Air pollution limits for London breached in just 5 days

Annual air pollution limits for 2017 in the city of London have been breached just 5 days into the year. The hourly levels of nitrogen oxide must not be higher than 200 micrograms per cubic meter more than 18 times in the year, which has already been broken this early into the year.

The levels of pollution in the capital has been a huge concern to health professionals, with pollution causing a number of serious illnesses. It is believed that one in ten cases of Alzheimer’s disease can be linked to pollution and pollutants have also been linked to cancer. People living with other serious illnesses such as Asthma will also have stronger symptoms such as shortness of breath. This puts a lot of stress on the UK’s NHS, costing billions of pounds every year. If the pollution problem wasn’t as bad experts say this bill would be massively reduced and allow the NHS to spend the money on other key areas.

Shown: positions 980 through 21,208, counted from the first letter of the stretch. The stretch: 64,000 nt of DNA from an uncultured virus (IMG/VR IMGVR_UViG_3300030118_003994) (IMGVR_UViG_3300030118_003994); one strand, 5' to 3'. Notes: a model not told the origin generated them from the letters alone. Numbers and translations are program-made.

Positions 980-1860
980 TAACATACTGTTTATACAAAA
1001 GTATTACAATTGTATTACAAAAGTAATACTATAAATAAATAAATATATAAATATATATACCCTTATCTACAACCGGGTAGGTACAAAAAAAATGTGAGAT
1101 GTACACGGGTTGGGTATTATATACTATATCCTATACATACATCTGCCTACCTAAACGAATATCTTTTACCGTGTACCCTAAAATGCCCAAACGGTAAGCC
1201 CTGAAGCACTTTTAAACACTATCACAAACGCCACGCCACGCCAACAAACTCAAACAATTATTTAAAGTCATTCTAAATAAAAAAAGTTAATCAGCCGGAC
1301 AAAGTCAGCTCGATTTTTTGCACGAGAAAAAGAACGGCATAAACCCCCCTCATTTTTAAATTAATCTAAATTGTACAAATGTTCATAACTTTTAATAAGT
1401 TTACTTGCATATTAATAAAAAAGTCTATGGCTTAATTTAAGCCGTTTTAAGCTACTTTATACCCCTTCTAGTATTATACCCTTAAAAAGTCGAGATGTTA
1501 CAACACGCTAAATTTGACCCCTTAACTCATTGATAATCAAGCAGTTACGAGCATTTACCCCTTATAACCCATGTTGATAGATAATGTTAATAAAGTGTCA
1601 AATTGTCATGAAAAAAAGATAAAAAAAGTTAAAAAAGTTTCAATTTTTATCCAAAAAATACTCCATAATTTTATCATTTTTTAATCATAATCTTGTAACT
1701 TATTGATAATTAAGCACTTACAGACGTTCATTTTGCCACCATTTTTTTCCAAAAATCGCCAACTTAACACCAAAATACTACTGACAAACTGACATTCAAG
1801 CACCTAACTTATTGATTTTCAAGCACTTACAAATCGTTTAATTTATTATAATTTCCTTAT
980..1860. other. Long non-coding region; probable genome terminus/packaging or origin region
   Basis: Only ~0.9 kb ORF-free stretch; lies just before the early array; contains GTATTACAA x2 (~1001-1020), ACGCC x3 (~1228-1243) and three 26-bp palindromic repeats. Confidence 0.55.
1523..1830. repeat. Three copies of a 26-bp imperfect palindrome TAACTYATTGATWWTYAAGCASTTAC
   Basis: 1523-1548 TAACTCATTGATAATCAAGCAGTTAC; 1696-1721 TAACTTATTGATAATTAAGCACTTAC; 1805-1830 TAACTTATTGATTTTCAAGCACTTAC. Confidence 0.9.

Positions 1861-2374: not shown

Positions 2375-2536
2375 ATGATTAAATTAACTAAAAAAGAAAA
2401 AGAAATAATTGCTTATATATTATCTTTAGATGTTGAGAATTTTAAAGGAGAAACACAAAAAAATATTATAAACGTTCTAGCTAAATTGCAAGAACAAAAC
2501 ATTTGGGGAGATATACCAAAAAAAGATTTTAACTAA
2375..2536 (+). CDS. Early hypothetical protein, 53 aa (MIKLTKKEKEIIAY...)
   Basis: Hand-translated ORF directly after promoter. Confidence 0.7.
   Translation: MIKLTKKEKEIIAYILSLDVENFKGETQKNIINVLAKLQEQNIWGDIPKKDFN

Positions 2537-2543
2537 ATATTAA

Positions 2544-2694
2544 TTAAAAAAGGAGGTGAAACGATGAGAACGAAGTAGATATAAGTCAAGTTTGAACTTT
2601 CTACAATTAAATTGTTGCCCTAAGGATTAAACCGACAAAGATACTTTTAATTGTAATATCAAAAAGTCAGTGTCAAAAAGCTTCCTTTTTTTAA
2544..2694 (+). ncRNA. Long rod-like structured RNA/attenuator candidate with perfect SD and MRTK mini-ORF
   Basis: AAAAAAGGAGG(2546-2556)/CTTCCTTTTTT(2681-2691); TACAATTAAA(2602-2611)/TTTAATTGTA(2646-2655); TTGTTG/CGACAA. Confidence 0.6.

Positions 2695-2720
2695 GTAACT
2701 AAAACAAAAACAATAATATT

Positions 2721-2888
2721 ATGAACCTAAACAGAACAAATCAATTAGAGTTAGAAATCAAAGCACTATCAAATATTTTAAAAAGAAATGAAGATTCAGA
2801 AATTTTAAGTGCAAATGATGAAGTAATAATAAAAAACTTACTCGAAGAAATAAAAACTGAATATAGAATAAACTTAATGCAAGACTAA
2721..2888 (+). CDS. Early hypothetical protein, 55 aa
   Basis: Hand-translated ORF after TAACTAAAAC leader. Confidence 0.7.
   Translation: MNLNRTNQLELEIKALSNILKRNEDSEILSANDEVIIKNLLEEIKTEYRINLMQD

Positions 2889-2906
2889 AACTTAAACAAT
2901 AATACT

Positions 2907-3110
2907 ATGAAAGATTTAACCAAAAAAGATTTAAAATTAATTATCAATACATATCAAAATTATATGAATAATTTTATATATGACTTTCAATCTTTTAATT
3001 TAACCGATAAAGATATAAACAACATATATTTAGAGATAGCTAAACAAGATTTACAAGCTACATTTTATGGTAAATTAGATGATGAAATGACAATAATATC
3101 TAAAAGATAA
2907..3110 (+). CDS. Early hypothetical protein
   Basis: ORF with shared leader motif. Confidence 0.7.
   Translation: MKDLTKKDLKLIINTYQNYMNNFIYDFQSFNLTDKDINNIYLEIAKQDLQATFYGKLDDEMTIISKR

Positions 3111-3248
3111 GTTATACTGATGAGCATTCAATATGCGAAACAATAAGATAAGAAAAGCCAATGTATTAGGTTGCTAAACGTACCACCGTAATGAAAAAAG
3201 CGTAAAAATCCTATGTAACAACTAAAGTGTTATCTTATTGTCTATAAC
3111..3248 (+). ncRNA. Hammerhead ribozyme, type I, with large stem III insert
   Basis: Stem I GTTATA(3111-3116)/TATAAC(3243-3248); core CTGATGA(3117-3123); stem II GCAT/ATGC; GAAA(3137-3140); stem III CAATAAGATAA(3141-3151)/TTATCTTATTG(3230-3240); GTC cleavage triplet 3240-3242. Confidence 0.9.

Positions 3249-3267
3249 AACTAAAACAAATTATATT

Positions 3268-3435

The large amount of Nitrogen Oxide in the air is caused mainly by the number of diesel vehicles on the road. With diesel vehicles being more fuel efficient than their petrol alternatives, a lot of families and businesses opt for them when choosing a vehicle.

There have been a number of ideas put forward to decrease the amount of pollution in cities such as London, one idea is to introduce clean air zones. The clean air zones will ban diesel vehicles from driving in city centres. It is hoped that these clean air zones will also make diesel cars less attractive to buyers, as they will not be able to drive in certain areas. Other industry experts are calling for much stronger action by banning diesel cars from the UK’s roads all together, which would be done by phasing them out from 2025 onwards. However, this is much less likely due to the number of people that own diesel vehicles.

It is believed that the government will start to increase the amount of road tax imposed on diesel cars, which may encourage people to buy alternatives such as electric cars. However, while none of these solutions have been tested yet, it is unknown if they will have an effect on the levels of pollution in cities such as London.